I knew the difficulty of achieving the right color. If a chef cannot balance the proportions of the ingredients in the dish, it would taste hoıTible. A repairer also must arrange the colors and balance the mixtures well. Many people live their lives without recognizing different tones of colors. In reality, all the colors, blue, red or green have different types and tones. Hasan Karael: “We use different mixtures for the color. We do not use root colorings anymore, instead we mostly use chemicals.” As the quality of old colorings was mentioned, Iranian Turk Ali began to speak. As you listen to him, you truely feellike he is an expert in his job. “People do not know tl1e coloring much here. There a.ı·e same, but not many. In the old times, animal urine was also used. As you know, urine is a kind of an acid. Colored wool which was washed with the urine would not fade.” Hasan Karael: “Vinegar is used as well. It fıxes the color in addition to giving the wool a shine” They also explained how they pıice the cost of the carpets. Süleyman Bulut: The cost of the work is being calculated by the time must be spent. We also add our daily wage on it. Hasan Karael: “The tradesmen already know this so the price is certain.” Süleyman Bulut: “We have repaired thousands of carpets until now. Many of tl1e valuable carpets in people’s houses cany our craftsmanship. Many damaged carpets, which could be trashed, revived with our endeavors. Our labor saved many of the tradesmen money.”
Ali Zarei: “I come to help from time to time. I had a schoolmate in Tabriz. They were well-known carpet sellers. With his guidance, I began to work on this field. Fifteen years had passed since then. I know carpet repairing from A toZ. I know colorings, I know the wool types, I know the loops.” Hasan Karael: “No one follows old manners anymore. In the old times if we lost money on a job, the customer would pay the loss” Ali Zarei: “Why there is not a union for carpet repairers? You work and go out of pocket. This is not fair” Süleyman Bulut: “Please write this down. Freelance repairers don’t have any social security” Ali Zarei: “You see a sixty year old repairer and he has no savings. Here, the repairers are not appreciated. In Iran we have a union through which repairers can pursue their ıights and solve their problems” Süleyman Bulut: “We can not find any solutions to our problems in here. TI1ere is no guarantee for tomoıTow. TI1at’s all we know. W e don’t know any other job. If we get sick tomonow, there is no way of suıviving.” Ali Zarei: “In Iran carpets seliers suppoıt the repairers. Seliers would thirık about repairers’ households and health as well. But here, they are not appreciated.” Süleyman Bulut: “Nowadays, for the last three years, people go overseas to buy merchandise and find carpets to repair.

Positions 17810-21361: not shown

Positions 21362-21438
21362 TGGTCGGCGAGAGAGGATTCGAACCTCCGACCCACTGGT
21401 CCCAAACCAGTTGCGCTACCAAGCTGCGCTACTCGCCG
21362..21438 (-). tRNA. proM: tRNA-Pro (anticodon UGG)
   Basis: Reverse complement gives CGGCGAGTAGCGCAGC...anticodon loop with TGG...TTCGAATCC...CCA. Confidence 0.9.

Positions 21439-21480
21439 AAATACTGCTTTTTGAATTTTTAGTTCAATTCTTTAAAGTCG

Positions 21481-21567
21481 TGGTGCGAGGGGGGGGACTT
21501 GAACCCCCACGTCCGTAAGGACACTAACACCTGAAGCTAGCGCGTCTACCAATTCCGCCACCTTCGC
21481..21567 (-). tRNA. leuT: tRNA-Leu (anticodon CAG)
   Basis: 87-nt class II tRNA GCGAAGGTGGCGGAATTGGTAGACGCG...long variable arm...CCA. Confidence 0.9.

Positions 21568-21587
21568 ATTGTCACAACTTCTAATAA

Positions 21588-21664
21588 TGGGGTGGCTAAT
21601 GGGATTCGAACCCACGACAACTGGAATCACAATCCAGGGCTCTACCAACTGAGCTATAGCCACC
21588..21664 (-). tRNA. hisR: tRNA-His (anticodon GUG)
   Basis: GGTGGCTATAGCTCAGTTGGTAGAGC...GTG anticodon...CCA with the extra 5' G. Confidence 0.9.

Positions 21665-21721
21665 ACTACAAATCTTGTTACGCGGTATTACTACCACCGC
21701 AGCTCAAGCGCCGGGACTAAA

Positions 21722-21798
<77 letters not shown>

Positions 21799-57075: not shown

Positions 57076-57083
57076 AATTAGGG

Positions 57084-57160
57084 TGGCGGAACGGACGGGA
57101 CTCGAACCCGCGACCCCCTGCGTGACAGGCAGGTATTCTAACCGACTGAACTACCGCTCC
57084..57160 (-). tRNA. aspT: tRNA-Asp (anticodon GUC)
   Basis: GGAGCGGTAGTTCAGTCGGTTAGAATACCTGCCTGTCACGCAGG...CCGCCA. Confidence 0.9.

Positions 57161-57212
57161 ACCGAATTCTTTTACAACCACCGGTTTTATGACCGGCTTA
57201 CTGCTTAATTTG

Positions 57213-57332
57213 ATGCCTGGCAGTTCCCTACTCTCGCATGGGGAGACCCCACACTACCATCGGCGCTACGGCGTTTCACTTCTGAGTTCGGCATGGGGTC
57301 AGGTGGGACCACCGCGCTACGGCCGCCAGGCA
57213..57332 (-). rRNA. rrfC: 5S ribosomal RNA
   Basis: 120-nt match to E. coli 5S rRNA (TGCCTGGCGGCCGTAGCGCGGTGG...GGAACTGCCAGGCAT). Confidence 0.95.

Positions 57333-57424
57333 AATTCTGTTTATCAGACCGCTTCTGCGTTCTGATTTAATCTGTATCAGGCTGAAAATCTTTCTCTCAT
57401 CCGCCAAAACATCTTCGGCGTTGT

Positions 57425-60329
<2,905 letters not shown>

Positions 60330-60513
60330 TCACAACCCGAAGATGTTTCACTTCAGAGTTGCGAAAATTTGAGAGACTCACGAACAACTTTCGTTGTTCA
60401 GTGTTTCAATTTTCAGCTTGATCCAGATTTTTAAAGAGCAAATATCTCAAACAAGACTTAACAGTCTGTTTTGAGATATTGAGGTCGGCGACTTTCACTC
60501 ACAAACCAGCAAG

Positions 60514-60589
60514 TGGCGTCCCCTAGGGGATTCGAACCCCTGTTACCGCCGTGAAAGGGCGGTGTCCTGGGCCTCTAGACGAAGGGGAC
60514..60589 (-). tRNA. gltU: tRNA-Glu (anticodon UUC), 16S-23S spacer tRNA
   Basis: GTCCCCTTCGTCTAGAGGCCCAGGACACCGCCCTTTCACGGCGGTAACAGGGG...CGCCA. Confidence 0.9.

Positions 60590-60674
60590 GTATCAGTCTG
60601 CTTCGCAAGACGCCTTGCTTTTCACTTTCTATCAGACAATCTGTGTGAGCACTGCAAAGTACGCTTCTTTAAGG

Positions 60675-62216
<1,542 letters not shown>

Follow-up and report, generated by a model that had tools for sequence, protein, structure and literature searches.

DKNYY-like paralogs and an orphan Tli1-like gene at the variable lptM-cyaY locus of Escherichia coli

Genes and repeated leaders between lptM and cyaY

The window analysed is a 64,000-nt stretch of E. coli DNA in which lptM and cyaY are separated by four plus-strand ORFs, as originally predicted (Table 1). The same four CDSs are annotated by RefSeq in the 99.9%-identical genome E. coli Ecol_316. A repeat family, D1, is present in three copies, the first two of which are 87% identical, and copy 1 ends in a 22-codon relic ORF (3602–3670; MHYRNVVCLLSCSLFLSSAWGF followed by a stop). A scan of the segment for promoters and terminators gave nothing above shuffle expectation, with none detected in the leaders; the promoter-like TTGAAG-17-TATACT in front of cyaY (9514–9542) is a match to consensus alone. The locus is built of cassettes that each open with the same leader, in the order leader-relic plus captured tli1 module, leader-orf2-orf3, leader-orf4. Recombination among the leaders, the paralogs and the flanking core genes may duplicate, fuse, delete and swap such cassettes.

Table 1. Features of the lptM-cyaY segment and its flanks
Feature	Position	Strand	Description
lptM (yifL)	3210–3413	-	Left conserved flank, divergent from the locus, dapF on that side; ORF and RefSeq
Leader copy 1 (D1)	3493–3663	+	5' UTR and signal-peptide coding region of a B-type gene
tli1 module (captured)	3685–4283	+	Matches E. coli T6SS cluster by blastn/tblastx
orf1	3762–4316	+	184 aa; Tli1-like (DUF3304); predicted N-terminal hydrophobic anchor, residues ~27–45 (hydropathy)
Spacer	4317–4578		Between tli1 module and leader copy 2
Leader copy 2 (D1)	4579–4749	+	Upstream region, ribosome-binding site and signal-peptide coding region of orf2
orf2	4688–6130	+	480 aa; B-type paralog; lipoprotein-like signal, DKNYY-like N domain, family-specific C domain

We make the repairs for them but they are the ones who make the money.” Hasan Karael: “Reparation is expensive there. Craftwork is valued. The person gets a job woıth $5CXXl, but gives us $500. Theı-e is no business, so we have to accept the job whether smail or big. I have been married for five years, I have no kids. I am anxious about having kids for we have no guarantee.” Ali Zarei: “Poverty a·eates eveıy kind of problems in a country; there would be quanel eveıyday ina house with no children.” Süleyman Bulut: “How would it not be?! Having or not having a child is both difficult. I have two kids; I cannot provicle enough for them. Most of the people, who regarcl themselves as carpet sellers, have staıted to do this business later in their lives. So they do not know about carpets. TI1ey have become carpet seliers because they had enough money. It is no wonder that they cannot appreciate our work.” During all these conversation, they did not take a break from doing their work. Repairing a rug is much more difficult than making a new one. Sometimes, it requires a long time of heavy work to conceal a tiny hole. Everyday, Süleyman and Hasan face with this difficulty in the Cebeci Inn. The result of their la bor is so good that no one can teli where the defect was in the beginning. This becomes their sole consolation.
Süleyman Bulut ve Hasan Karael